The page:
Portland’s Japanese Garden

By Eilene Lyon

Having family in Oregon means I travel there regularly. The Willamette Valley is lush compared to where I live, so I always enjoy the change in scenery. Portland is very much a “garden city.” I don’t think I could tolerate the gray winters, though!

The Japanese Garden is located within Washington Park, set on a slope that faces Mt. Hood. It was designed and constructed in 1963, and is believed to be among the most authentic Japanese gardens outside of Japan. It covers a total of 12 acres and contains 8 different themed sections.

A quote from their website:

Born out of a hope that the experience of peace can contribute to a long lasting peace. Born out of a belief in the power of cultural exchange. Born out of a belief in the excellence of craft, evidence in the Garden itself and the activities that come from it. Born out of a realization that all of these things are made more real and possible if we honor our connection to nature.

There are sculptures here and there. Some are permanent, others temporary.

It’s a serene and restful place to spend an hour or two strolling and contemplating. If you need refreshment, they also have an authentic Tea House!

58 thoughts on “Portland’s Japanese Garden

Add yours

  1. How can you not feel your blood pressure go down, your breathing slow, your heart become lighter when walking through such gardens? I, too, would go when visiting family 😉 Lovely, Eilene. Thank you for sharing.

    Liked by 1 person

      1. Lol. The year we travelled to Oregon, we continued up the coast to Vancouver Island – it rained every day for a month. Not to my taste either

        Liked by 1 person

      2. We visited Vancouver Island on our honeymoon trip. We found a place to stay on a college campus that was spacious and nice – and apparently built like a bunker. A huge storm cam through downing tree branches everywhere and shaking up the boaters in the marina pretty badly. We never had a clue.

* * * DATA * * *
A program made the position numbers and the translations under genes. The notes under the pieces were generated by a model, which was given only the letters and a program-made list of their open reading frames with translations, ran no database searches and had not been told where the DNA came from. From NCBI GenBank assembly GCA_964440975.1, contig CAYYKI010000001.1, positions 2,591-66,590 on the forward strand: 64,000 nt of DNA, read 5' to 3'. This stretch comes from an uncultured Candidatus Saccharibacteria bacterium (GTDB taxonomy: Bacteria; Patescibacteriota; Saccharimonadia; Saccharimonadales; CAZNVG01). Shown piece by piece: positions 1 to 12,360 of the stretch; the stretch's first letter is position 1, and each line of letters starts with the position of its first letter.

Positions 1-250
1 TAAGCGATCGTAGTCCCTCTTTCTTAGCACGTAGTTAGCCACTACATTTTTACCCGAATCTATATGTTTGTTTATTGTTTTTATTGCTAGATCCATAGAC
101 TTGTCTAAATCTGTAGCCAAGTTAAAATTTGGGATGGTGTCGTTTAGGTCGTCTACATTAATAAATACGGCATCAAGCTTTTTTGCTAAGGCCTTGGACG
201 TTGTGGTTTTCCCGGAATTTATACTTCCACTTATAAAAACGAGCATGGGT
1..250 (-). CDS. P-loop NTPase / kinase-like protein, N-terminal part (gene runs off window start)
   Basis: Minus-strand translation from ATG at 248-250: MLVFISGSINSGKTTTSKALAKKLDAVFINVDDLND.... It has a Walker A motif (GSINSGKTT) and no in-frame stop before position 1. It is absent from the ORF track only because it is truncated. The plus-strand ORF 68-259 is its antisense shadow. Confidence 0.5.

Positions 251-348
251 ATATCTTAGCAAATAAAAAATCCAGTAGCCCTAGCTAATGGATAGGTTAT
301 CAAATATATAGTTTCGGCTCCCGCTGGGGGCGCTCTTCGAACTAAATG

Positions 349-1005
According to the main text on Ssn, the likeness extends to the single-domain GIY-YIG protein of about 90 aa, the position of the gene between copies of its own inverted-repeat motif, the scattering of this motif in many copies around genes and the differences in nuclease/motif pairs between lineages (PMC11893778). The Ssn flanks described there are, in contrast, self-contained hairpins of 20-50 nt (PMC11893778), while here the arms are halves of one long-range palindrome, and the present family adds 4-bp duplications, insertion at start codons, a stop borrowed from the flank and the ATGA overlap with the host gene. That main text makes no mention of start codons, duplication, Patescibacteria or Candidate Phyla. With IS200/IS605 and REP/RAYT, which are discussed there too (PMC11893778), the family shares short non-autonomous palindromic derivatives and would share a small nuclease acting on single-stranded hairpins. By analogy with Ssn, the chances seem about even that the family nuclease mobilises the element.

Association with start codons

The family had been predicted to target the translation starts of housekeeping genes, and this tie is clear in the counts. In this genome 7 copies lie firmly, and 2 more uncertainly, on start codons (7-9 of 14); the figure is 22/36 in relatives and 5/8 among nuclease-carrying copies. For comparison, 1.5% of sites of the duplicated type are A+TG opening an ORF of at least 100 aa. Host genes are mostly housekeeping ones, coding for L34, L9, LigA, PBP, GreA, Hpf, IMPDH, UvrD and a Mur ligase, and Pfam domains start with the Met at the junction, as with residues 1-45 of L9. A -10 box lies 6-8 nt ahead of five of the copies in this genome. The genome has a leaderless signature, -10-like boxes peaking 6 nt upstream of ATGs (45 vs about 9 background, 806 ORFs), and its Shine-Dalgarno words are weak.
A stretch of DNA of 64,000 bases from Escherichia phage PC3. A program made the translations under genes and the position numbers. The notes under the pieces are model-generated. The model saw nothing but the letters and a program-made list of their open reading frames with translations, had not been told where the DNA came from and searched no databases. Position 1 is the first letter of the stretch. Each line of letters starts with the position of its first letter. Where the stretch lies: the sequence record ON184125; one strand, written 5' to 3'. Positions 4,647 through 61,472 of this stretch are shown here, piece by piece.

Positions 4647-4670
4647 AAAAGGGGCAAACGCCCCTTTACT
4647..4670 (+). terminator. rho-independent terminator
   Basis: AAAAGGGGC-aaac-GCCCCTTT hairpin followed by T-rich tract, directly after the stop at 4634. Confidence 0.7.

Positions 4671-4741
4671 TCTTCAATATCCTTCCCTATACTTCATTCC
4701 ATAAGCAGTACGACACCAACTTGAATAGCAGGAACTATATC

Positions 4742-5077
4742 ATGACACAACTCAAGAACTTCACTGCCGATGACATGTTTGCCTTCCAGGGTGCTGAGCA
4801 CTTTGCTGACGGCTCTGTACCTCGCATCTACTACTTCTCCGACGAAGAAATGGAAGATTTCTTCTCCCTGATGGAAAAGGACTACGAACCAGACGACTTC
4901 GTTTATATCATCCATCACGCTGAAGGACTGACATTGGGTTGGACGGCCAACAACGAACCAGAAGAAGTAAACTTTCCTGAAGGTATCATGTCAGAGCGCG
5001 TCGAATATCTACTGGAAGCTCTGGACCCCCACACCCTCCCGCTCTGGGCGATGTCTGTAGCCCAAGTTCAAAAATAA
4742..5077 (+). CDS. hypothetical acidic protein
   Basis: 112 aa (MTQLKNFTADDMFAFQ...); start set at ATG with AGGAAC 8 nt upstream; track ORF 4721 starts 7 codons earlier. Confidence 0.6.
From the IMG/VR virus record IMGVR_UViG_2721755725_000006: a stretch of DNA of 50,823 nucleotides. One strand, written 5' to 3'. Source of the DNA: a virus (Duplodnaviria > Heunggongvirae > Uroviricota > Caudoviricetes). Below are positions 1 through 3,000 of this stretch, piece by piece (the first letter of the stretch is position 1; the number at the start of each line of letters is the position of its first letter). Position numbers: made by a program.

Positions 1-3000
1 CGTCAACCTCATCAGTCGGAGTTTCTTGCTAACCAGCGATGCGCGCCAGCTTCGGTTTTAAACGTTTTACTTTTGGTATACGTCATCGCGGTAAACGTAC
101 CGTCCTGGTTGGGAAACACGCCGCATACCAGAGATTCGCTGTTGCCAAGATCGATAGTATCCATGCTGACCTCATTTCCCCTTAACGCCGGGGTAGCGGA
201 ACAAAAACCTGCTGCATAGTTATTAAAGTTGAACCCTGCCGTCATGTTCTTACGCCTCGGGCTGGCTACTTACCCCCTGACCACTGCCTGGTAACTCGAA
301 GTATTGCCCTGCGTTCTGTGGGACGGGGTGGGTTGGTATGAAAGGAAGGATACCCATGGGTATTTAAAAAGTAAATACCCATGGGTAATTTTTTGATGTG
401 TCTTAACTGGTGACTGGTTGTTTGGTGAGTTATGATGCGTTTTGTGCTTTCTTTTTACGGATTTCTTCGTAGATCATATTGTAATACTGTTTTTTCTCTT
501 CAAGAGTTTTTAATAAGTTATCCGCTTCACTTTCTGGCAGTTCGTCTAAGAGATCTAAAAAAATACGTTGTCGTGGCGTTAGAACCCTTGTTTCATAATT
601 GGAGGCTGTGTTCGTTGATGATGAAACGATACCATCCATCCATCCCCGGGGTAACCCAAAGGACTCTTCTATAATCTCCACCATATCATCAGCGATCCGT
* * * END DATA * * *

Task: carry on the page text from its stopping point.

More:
Liked by 1 person

  2. Thanks for the virtual walk, Eilene. It is one walk I would absolutely enjoy and of course finish it with a visit to the lovely tearooms. The Japanese certainly know how to inspire others to create serene outdoor areas. Bliss.

    Liked by 1 person

      1. Yes, quite a few public ones and on walks around various neighborhoods, I’ve seen a few Japenese inspired private gardens. Like the Scandinavian style, less is more. Which is a style I enjoy.

        Liked by 1 person

  3. These are wonderful photos. I love this place. A few years ago (hmm, with covid that always means +3 haha so if I think 3 it’s 6, etc.) we went there and really enjoyed it. And the teas were delicious. We took some home with us. I even blogged about it, although my photos were not so gorgeous.

    Liked by 1 person

  4. More lovely pics. I’ve been through Portland (my sister lived in Eugene for two years) but haven’t visited. Maybe at some point we’ll get down the coast to see it – the Japanese Garden would certainly be on my “to see” list 🙂

    Liked by 1 person

Please share your thoughts...

Fill in your details below or click an icon to log in:

WordPress.com Logo

You are commenting using your WordPress.com account. Log Out /  Change )

Facebook photo

You are commenting using your Facebook account. Log Out /  Change )

Connecting to %s

This site uses Akismet to reduce spam. Learn how your comment data is processed.

Create a website or blog at WordPress.com

Up ↑

Moore Genealogy

Fun With Genealogy

My Slice of Mexico

Discover and re-discover Mexico’s cuisine, culture and history through the recipes, backyard stories and other interesting findings of an expatriate in Canada

Waking up on the Wrong Side of 50

Navigating the second half of my life

The Willamette Valley's Heritage through its Barns and Structures

A history of the people of the Willamette Valley as revealed through their structures.

A Dalectable Life

Doing the best I can to keep it on the bright side


You might think you understand what I said, but what you heard is not always what I meant.

Tumblereads: A New Twist on the Old West

A New Twist on the Old West

Eilene Lyon

Author, Speaker, Family Historian


thoughts about life from below the surface

Northwest Journals

tiny histories

Ancestral Writing in Progress

... stories of significant others in the Allery, Cutting, McCulloch and Robertson tribes ...

Coach Carole Ramblings

Celtic, Mythical and More ...

Shedding Light on the Family Tree

Illuminating the Ancestral Journey

Forgotten Ancestors

Tracing The Faces

The Patchwork Genealogist

Uncovering Family Legacies One Stitch at a Time

Family Finds

Adventures in Genealogy

What's Going On @ ACGSI

Allen County Genealogical Society of Indiana Blog

sue clancy

visual stories: fine art, artist books, illustrated gifts

Ask the Agent

Night Thoughts of a Literary Agent

%d bloggers like this: